Tensions high in Grenoble after weekend of violence

 

TENSIONS WERE running high in Grenoble last night after four people were arrested on suspicion of having opened fire at police officers during a weekend of violent clashes between young people and police.

As dusk fell, more than 30 riot police vans joined dozens of heavily-armed officers from two elite national units lined up in black balaclavas along Avenue Marie Reynoard in Villeneuve, a run-down district on the outskirts of the southeastern French city. Riots broke out here on Friday night following a memorial service for a local resident killed the day before in a shootout with police. The dead man, Karim Boudouda (27), had allegedly taken part in the armed robbery of a casino, and a prosecutor said police acted in legitimate self-defence after they were fired on three times following a car chase.

The incident sparked serious unrest over the weekend, with at least 65 cars burned and a tense standoff developing between police and a gang of up to 50 youths armed with baseball bats and stones, according to police.

With many locals fearing more violence, the roads in Villeneuve were virtually deserted last night. Small groups of youths gathered outside the tall grey towers that dominate the suburb, while just 100 metres away, hundreds of riot police looked on.

A regional security official, Brigitte Julien, said four people were detained yesterday on suspicion of having fired at police, while seven others were being held for carrying illegal weapons or objects that could be used as missiles. No injuries were reported.

During a visit to Villeneuve on Saturday, interior minister Brice Hortefeux pledged to restore order “by all means possible”.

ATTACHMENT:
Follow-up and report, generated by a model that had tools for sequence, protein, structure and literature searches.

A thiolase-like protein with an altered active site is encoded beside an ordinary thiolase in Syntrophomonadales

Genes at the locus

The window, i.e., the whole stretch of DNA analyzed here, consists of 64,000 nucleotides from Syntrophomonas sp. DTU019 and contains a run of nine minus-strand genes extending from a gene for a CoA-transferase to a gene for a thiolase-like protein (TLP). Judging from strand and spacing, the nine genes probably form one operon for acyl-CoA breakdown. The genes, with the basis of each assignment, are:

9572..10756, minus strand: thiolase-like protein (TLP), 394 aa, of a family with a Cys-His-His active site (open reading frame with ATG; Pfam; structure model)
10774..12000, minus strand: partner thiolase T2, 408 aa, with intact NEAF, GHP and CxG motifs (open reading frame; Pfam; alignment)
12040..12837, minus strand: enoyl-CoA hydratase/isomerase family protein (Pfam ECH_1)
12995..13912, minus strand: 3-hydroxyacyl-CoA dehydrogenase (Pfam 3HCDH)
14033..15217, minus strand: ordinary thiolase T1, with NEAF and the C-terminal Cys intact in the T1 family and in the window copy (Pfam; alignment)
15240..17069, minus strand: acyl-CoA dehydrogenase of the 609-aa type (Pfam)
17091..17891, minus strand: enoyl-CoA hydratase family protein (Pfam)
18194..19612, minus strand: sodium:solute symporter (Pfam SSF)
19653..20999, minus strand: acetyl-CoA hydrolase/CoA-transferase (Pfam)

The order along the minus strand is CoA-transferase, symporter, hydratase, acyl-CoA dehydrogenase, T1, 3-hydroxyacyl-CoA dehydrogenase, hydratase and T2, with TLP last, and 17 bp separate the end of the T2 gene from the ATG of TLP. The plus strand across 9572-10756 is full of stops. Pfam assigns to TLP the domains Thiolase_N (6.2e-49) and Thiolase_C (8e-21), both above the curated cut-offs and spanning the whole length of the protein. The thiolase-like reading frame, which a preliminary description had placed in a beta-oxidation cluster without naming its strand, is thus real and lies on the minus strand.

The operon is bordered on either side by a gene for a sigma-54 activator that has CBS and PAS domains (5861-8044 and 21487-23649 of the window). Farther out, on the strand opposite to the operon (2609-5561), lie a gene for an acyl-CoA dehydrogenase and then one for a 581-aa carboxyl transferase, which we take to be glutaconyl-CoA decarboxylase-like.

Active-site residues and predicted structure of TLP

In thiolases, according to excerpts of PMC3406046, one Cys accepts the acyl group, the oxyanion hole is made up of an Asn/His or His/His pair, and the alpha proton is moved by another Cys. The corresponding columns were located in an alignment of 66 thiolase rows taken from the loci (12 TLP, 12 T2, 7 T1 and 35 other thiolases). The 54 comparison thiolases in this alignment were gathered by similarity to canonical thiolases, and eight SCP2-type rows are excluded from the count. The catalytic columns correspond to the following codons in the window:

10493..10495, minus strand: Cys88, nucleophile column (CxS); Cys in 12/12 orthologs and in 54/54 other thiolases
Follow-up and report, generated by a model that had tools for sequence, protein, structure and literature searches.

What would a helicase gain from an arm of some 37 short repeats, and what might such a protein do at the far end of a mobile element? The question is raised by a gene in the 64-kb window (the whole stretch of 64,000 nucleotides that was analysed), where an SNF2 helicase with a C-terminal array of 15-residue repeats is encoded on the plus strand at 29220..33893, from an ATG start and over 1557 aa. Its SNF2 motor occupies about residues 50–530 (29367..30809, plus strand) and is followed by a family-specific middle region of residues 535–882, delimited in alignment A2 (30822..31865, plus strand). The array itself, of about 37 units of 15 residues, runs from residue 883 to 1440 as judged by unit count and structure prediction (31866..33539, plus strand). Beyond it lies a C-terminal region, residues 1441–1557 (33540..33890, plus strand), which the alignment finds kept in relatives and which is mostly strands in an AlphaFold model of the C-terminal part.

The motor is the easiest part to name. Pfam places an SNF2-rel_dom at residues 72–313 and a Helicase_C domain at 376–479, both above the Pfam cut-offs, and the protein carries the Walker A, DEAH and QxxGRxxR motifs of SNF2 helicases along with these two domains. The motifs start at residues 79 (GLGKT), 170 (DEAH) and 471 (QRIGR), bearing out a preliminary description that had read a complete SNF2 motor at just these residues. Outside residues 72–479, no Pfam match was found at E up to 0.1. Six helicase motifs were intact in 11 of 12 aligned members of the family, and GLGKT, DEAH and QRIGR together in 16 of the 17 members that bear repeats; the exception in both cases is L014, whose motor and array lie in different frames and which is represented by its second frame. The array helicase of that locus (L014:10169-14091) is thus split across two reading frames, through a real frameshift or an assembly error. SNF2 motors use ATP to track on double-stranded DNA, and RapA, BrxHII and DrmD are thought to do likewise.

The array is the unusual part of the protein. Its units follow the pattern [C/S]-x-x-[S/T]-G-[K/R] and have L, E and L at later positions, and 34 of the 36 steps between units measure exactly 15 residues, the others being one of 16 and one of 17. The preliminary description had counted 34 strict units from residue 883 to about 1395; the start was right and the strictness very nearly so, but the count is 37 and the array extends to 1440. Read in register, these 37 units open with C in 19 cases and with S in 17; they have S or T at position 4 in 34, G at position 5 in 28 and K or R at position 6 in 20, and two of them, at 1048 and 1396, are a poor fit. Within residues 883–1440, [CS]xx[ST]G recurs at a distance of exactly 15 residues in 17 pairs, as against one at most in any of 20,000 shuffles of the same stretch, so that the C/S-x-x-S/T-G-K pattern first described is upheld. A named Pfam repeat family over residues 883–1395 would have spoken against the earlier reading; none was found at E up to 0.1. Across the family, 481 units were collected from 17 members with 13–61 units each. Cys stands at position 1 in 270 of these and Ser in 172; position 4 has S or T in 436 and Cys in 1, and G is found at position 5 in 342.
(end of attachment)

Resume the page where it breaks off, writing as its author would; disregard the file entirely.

“We’re going to react quickly . . . We’re going to restore public order and re-establish the state’s authority,” Mr Hortefeux said at an impromptu press conference after he toured the area under heavy police protection.

“There is a simple and clear reality in this country: there is no future for hoodlums and delinquents because in the end the public authorities will always prevail.” Ms Julien said police came under fire on Friday night and early Saturday when a man broke away from a group of about 40 people and fired a number of shots with a handgun. Police responded with live rounds, and then with plastic bullets when more shots were fired in their direction later in the night.

With the arrival of 300 extra riot police and officers from an elite national unit, the violence eased somewhat on Saturday night, but the authorities said 15 cars were torched and officers came under fire at least once. A street where the most violent exchanges occurred was sealed off to traffic.

The biggest police union called for Grenoble to be given reinforcements to help local police “do their work with serenity”. As recriminations continued over the death of Mr Boudouda, meanwhile, prosecutor Jean Philippe said police had acted in legitimate self-defence when they were fired on at least three times after a car chase which ended in Villeneuve.